Now it’s saying that this ransomware hit their internal systems and what it did is exactly what I’ve been warning you guys about. It doesn’t just take a hold of your computer and encrypt all of the data. no. What this did is it grabbed the data. It could get its hands on Equinix’s internal computers and sent it up to the bad guy’s computer. So they now had copies of some or all of their data. And then it does the encryption trick. Now Equinix is saying that their data is centers and service offerings, including their managed services, are fully operational.
Now knock on wood. My company has never had this happen to us. but again, we’re smaller. We use much better software than most companies out there.
We don’t have all of the details on this, but this is a very big deal. Equinix is publicly-traded. The company traded on the NASDAQ stock exchange. It has around 8,000 employees. It just bought 13 more data centers. This is really something. And by the way, bought them for $750 million, three-quarters of a billion. So this is a big company and it happens to them. It can happen to you.
I started all of this out by asking if you were a good speller and how good a typer you are? There’s another way the bad guys get to you. We’ve been talking right now about phishing and phishing sites.
We were talking about how phishing is being used to get you to go to a website. oftentimes that URL that you’re going to will look almost legitimate. It might be instead of microsoft.com, it might be Microsoft dot something else, or it might be a misspelling or a common typo for the URL for that website that you’re trying to go to.
Apple, PayPal, banks are being targeted by cyber squatters. Now they’re taking advantage of the pandemic according to a study that just came out. In a single month, cybersquatters have registered almost 14,000 domain names. More than half of them went on to host malicious software. That is a very big deal.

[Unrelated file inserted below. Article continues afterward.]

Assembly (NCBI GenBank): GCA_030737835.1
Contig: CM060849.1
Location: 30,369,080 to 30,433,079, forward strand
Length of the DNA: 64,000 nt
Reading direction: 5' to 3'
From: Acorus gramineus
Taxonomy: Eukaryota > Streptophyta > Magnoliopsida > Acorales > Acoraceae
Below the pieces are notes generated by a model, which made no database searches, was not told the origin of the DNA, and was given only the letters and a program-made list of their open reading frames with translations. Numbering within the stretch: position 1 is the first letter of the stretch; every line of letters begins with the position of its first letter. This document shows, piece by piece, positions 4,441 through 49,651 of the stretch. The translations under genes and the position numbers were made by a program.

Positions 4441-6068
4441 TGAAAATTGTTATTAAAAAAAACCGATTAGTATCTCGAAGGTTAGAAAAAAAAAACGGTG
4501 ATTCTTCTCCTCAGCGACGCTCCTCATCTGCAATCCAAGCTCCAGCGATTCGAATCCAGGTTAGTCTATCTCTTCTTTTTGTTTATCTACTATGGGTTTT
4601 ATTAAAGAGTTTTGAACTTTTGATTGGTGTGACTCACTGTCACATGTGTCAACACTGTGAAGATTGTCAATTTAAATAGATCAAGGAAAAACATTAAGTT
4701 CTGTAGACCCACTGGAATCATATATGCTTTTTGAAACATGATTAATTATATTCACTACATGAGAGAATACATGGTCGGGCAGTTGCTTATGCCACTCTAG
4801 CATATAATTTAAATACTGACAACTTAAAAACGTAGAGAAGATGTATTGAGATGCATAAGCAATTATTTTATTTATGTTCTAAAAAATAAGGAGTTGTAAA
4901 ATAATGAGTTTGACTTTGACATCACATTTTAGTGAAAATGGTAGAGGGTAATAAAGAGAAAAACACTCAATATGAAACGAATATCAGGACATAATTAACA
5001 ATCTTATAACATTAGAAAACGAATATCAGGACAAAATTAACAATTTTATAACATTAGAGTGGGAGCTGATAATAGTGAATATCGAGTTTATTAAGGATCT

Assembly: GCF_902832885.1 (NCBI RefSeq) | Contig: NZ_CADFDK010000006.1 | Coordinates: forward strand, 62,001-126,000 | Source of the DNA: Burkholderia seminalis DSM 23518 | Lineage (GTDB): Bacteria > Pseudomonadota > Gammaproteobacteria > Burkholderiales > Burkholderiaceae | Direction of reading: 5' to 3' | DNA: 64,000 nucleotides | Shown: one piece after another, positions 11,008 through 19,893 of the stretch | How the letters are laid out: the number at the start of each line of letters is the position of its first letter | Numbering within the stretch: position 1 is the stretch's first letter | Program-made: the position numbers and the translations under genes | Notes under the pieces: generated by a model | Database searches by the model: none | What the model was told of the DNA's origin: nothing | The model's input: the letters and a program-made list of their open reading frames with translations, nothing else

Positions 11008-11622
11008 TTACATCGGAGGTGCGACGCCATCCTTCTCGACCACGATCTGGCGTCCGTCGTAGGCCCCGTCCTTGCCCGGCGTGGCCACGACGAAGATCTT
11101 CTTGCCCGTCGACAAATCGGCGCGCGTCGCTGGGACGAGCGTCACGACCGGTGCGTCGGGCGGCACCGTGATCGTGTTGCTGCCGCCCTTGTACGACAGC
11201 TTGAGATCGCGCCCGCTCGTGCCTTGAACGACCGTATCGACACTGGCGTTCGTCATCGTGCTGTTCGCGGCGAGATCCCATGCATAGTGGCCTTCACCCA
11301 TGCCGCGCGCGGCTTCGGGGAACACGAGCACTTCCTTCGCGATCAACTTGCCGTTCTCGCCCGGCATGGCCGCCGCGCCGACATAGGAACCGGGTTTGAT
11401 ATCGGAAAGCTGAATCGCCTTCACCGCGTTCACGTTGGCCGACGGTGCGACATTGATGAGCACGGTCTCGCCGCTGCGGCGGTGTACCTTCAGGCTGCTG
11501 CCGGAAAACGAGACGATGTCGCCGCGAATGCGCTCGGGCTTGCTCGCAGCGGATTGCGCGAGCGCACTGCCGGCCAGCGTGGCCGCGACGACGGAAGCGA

That’s according to Palo Alto networks, and that is being quoted in Dark Reading. But what these cybersquatters are up to is that they put up a website that has a URL that’s very similar to a legitimate URL out there. When you go there, they are going to try and trick you into doing something. Now, the study says that basically 55% of these Cybersquatter domains are malicious or potentially fraudulent.
So it’s not like somebody buying a domain saying, I’m going to, I’m going to buy it, Apple tart, because people type that in by accident when they’re trying to go to Apple and maybe I can get Apple to buy it from me, or maybe I can use it as a parody site, et cetera. No. they are leading to malicious content more than 70% of the time.
So be very careful about the brand. A good example that they’ve done that has been shut down recently is secure dash Wells Fargo. This is a domain using the Wells Fargo brand, targeting the bank’s customers and getting them to click through and use phishing to steal sensitive information. Be very careful when you’re out there typing things in or clicking on links, because many of them, it turns out 50-55% of them are malicious and 70% of them are trying to fake you into giving up your own personal information.
Hey coming back. We’ve got a very interesting little article by Timothy Lee here in ARS Technica about a court order against the feds and local police departments. So we’ll tell you about that. When we get back.
Stick around, you’re listening to Craig Peterson right here on WGAN and Wednesday mornings at seven 30 with Matt.